From the desk of NJSACB honcho Nick Lembo:
What You Should Know About Jeff
On Wednesday, October 24, 2012, the MMA community
lost one of the sport's founding fathers. He was 55. He is survived by his wife
Lori, his daughter Niki, and his son Ian.
Jeff was a well regarded
professional MMA judge and judge trainer with the New Jersey ACB as well as a
licensed referee here.
He had judged UFC and other major events in
Calgary, Kentucky, Louisiana, Michigan, Minnesota, Mohegan Sun, Nebraska, New
Jersey, Ohio, Pennsylvania, Toronto and Virginia.
But there was so
much more, whenever you say the words "mixed martial arts", think of Jeff
Blatnick. He is the person who coined that term. He explained on a broadcast
that the "athletes were mixing the martial arts.". He would urge people to stop
calling the sport No Holds Barred, in order to help it grow and gain
He served as a commentator for 29 UFC events (UFC 4- UFC
32). He was named Commissioner of the UFC at UFC 17.
the UFC's Mixed Martial Arts Council (MMAC) manual while serving as that body’s
chair. He was a critical party involved with the drafting of the sport's unified
He was a tireless advocate attempting to get MMA legalized in
his home state of New York, quietly meeting with legislators and those with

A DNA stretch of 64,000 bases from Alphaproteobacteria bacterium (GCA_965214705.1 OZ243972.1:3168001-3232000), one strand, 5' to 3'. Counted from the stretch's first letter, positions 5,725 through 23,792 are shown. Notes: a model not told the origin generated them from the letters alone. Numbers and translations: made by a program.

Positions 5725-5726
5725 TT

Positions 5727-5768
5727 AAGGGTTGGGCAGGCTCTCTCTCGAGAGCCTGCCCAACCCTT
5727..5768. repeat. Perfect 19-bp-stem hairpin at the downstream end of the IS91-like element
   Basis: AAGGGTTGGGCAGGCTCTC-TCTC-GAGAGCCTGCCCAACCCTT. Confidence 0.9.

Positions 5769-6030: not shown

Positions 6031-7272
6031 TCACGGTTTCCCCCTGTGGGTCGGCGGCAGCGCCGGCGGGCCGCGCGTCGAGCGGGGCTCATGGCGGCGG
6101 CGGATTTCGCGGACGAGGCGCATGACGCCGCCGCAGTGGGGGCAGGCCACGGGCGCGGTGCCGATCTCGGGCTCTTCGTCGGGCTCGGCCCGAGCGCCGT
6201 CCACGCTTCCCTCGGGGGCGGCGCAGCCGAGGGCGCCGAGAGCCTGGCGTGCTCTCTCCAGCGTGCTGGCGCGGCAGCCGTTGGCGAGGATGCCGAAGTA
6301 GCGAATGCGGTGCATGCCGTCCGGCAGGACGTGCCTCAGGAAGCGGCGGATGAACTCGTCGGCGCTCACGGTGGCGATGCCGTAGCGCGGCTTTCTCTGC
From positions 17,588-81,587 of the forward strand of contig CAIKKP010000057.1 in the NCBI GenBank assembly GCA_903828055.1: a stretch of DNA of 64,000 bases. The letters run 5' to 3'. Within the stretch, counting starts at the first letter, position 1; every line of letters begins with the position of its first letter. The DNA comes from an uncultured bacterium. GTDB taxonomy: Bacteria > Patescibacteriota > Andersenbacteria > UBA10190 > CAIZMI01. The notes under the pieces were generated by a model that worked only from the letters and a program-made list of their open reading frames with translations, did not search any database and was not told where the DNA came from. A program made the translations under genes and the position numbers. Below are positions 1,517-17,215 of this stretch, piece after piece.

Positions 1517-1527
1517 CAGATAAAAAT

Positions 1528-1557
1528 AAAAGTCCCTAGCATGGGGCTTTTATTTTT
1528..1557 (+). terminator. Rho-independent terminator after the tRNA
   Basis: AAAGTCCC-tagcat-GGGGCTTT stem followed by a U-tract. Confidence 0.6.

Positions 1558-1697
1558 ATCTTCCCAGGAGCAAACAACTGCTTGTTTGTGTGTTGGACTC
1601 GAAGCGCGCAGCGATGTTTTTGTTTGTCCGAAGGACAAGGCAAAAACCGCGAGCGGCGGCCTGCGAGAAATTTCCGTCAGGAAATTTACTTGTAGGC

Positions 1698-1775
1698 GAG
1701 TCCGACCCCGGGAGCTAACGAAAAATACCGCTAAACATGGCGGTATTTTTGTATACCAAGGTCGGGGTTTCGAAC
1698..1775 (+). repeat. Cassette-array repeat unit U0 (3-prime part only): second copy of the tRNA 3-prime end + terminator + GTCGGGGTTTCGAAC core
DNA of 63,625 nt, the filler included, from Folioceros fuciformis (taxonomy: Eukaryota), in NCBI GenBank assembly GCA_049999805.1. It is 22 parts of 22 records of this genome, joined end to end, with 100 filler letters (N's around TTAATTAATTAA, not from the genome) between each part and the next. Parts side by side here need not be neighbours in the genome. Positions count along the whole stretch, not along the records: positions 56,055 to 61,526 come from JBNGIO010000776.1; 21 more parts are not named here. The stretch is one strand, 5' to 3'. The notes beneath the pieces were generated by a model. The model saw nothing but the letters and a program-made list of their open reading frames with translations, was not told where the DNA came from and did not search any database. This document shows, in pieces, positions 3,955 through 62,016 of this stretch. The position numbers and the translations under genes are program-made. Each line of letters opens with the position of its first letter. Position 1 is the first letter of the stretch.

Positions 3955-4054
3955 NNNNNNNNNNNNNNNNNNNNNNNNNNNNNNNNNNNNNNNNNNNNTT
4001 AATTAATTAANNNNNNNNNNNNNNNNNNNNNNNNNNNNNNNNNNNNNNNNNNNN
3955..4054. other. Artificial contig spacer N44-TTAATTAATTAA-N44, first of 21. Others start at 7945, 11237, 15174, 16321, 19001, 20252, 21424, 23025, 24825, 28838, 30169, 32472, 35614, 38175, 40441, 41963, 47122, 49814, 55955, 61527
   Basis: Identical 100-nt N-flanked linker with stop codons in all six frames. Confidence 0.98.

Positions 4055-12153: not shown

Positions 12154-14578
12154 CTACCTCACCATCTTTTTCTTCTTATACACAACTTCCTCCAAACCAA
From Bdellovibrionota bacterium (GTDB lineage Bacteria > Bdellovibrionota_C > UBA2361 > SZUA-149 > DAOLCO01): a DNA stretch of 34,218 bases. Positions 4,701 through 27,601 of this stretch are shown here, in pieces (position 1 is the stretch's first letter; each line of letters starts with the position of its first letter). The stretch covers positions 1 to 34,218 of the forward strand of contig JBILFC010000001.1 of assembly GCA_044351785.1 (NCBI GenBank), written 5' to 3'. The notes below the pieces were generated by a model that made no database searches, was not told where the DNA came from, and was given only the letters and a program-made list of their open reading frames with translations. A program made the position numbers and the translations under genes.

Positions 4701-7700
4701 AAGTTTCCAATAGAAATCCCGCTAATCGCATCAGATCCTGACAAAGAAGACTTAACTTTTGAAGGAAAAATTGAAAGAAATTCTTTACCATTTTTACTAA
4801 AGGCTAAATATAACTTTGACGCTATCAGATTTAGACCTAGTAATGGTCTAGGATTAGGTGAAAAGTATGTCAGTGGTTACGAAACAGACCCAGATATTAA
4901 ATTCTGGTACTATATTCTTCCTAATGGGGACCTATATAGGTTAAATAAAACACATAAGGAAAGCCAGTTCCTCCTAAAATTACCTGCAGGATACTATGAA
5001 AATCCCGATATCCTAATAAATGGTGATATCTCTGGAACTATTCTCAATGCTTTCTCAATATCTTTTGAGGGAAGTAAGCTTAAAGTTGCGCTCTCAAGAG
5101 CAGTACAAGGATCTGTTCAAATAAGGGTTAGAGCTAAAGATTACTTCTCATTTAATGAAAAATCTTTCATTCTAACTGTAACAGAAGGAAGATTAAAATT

Born in Niskayuna, New York, Blatnick became a high school
wrestling champion in 1975. He never wrestled prior to being convinced to start
by his high school coach who needed a heavyweight in 1973.
earned a pair of NCAA Division II wrestling titles in 1978 and 1979 while
attending Springfield College in Massachusetts. He was a three time
All-American. At that time, Division II athletes could advance to Division I
nationals, Blatnick placed third and sixth in two visits
Blatnick was the 1980 and 1981 AAU super heavyweight wrestling
He was a three time national champion in Greco-Roman, won
eight Greco-Roman All-American awards, two World Cup medals, and two Freestlye
Blatnick made the 1980 Olympic Wrestling
team but didn't compete due to the United States’ boycott of those Games held
In 1982, Jeff was diagnosed with Hodgkin’s lymphoma. He
said, "if you can win in adversity, you can win anywhere."
fighting radiation treatments and having both his spleen and appendix removed,
he battled through to make the 1984 Olympic wrestling team and win the gold
medal. The first Gold medal for an American heavyweight in Greco-Roman
was chosen by his teammates as the representative to carry the American flag at
the closing of the 1984 Olympic ceremonies.
Of that, Jeff stated, "If
I didn't have cancer, nobody would know who I was, not a lot of wrestlers make
Blatnick never set out to be an Olympian, it was simply
about giving his best every time he stepped on the mat.
He stated "I
learn to win by learning to lose, that means not afraid of
Blatnick retired from wrestling in 1988 after a second bout
He served on USA Wrestling's Board of
He continued on as a coach of the Burnt Hills High School
wrestling team and the Journeyman wrestling club.
He worked as a
wrestling analyst for NBC for the 1988, 1992, 1996 and 2000 Olympics. He also
was a commentator for ESPN's coverage of the NCAA Division 1 wrestling
He was inducted into the National Wrestling Hall of Fame
He was appointed by President Clinton to the President's
Council on Fitness and Sport at a Rose Garden Ceremony.
He was also
an honorary coach with the New York Special Olympics and very active with the
American Cancer Society.